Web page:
Jason C. Stanley

ponderings of a dad walking humbly & seeking justice

Religious Respect?

Recently members of the US military personal were caught having burned copies of the Koran, the religious book of the Islamic faith.  President Obama apologized to the Afghan people for this act of disrespect.  There has been a lot of hoopla around this.  Should the President have apologized?

In a recent interview with ABC News, General John Allen, the top U. S. Commander in Afghanistan had the following to say:

“Why wouldn’t we [apologize]?” the general asked. “This is the central word of God for them. Why wouldn’t we? We didn’t do it on purpose but we should apologize and we did.”

I agree with the General.  By apologizing we are saying we respect that this is part of their religion, their belief system.  It may not be mine, or yours, but it deserves to be respected in the same ways we expect others to respect ours.

I think one of the problems we face as a people, not just a Christian-people, is our inability to respect other beliefs.  We are called to love God and to love each other.  Does that not mean we are to respect others’ faith? It’s almost as if we have forgotten our past.

Christian history has told how Christians were disrespected for their faith, and treated poorly for it.  Christian history has told us how Christians disrespected other faiths and treated them poorly for it.

In the Gospel of Luke Jesus, a Jewish man, takes the time to talk with a Samaritan woman.  This was unheard of for various reasons, Jesus was a man talking to a woman.  Jesus was a Jew talking to a Samaritan.  Jesus was a teacher of the Law talking to a known sinner.  Jesus did what Jesus does best – erase the lines of separation.  Jesus didn’t tell the woman all the reasons why she was wrong.  He showed respect, compassion, and love.  And as a result, she believed.

It seems since the beginning of time humanity has used one religion to disrespect another. It was done to the Hebrews and by the Hebrews.  It was done to the early Christians, and it has been done by Christians since.  It has been done to the Muslims and by the Muslims.  When does it end?  Are we in some weird stage of humanity’s life span where we learn nothing from the past?  We just continue in this endless cycle of disrespect of religions?  Is this what God wants?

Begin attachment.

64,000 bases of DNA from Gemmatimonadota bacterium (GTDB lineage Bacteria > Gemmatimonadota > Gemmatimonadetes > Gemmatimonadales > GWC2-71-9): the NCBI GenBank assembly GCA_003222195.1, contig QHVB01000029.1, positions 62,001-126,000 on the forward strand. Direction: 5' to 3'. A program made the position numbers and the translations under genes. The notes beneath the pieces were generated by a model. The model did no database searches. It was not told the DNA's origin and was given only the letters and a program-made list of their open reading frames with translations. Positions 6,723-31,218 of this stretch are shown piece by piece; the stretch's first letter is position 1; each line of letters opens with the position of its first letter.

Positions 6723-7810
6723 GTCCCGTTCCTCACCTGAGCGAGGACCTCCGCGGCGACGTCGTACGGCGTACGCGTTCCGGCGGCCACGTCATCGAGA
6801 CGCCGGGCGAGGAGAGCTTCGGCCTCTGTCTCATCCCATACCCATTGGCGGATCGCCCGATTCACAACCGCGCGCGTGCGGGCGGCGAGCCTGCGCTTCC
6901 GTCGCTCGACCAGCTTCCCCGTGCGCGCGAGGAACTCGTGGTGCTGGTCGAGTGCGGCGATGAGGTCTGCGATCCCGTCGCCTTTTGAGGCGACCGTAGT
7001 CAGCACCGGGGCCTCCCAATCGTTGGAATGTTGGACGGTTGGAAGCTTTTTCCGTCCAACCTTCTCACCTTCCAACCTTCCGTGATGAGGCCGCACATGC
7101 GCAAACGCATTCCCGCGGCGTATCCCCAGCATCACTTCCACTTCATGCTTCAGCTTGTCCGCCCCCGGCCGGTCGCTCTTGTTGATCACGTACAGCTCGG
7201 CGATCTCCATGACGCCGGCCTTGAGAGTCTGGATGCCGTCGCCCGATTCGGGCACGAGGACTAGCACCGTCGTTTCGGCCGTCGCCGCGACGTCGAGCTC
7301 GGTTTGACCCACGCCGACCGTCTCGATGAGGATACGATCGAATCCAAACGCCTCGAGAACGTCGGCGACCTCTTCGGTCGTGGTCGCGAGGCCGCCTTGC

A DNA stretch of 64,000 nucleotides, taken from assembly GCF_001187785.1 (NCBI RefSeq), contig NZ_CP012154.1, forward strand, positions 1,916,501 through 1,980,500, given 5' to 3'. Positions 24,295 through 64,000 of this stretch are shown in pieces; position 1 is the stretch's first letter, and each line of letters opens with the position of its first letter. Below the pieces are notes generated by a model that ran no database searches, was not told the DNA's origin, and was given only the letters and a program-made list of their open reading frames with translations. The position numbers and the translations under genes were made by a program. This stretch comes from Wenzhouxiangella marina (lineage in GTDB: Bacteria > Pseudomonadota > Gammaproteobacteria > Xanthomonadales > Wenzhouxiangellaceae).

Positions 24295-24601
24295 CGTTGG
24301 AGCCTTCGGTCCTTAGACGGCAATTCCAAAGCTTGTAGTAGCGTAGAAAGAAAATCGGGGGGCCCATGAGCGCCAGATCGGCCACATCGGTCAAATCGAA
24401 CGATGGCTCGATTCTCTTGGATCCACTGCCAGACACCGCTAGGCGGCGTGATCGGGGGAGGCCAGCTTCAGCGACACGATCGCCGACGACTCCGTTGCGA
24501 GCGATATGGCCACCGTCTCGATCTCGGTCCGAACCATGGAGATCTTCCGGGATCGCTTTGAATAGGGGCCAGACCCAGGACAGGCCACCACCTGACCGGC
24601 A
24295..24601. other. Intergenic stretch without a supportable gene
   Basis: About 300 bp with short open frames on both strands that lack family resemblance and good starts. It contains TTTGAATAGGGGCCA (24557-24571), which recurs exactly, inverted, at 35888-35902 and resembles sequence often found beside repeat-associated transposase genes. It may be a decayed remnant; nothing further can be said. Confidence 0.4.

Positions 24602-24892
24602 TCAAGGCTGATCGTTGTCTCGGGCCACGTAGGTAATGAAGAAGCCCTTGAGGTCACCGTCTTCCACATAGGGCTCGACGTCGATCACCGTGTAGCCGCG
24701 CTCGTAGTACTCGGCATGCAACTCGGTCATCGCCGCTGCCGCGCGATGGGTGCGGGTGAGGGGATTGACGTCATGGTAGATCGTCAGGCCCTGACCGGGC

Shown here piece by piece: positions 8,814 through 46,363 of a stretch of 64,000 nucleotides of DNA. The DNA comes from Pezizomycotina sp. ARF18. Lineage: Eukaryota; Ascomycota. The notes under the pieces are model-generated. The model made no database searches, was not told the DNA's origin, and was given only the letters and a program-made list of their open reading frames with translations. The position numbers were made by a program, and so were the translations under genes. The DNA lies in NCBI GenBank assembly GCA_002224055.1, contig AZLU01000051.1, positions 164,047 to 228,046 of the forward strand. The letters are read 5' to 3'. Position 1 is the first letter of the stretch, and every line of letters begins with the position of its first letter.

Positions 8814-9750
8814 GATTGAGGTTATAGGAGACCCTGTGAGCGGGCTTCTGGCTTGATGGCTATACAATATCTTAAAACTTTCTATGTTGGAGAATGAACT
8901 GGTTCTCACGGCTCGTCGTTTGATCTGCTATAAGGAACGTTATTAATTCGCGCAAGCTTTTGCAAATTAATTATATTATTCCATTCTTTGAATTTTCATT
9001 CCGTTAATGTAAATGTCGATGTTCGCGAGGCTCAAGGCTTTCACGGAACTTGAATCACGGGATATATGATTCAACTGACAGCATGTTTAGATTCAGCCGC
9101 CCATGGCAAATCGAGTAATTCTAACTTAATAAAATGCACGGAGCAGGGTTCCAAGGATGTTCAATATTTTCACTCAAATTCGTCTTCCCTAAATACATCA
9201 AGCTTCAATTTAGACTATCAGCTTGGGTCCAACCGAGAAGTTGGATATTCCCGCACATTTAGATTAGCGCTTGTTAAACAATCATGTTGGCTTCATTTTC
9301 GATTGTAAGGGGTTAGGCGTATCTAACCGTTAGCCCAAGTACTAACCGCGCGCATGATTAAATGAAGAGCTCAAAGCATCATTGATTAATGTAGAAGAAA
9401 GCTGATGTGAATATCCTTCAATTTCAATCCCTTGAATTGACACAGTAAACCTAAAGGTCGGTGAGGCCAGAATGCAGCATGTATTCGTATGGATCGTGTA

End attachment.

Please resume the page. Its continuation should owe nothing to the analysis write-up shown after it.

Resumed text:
Burning another religion’s holy book – the equivalent of our Bible – is not out of respect, compassion, or love.  It does not point to a love of God or a love for others.  And telling a President, regardless of political standing, not to apologize is not a sign of respect, compassion, or love.

So, all of this pondering has left me with more questions – go figure.  But, I would love to hear what you think about all this.  Feel free to leave your thoughts or questions below.

5 Comments

  1. Yeah, I heard about the Quran thing I was very dissapointed to hear that. But no, I don’t think there will ever be religious settling in the world. Because people LOVE to belittle people to help themselves feel better. As for all the violence caused from religion, it seems people got the idea that if they kill those who disagree they won’t have any more problems, which we all know is wrong. That’s all I have to say for now

  2. George Belden

    March 6, 2012 at 9:03 pm

    A friend of mine recently told me a story about how his father, as part of a Christian prison ministry, went so far as to give a Quran to a Muslim inmate because he asked for one. Years ago I would have thought it absurd — shouldn’t a Christian give him a Bible instead? But now I think this is the exactly love we are supposed to express as followers of Christ. The “love that surpasses knowledge”. Love that won’t just refuse to burn an opposing holy book, but also give it as a gift in Christ’s name. I’m told that this inmate later came to Christ willingly. Had he been given a Bible, perhaps he would have burnt it. God isn’t a book. God is love.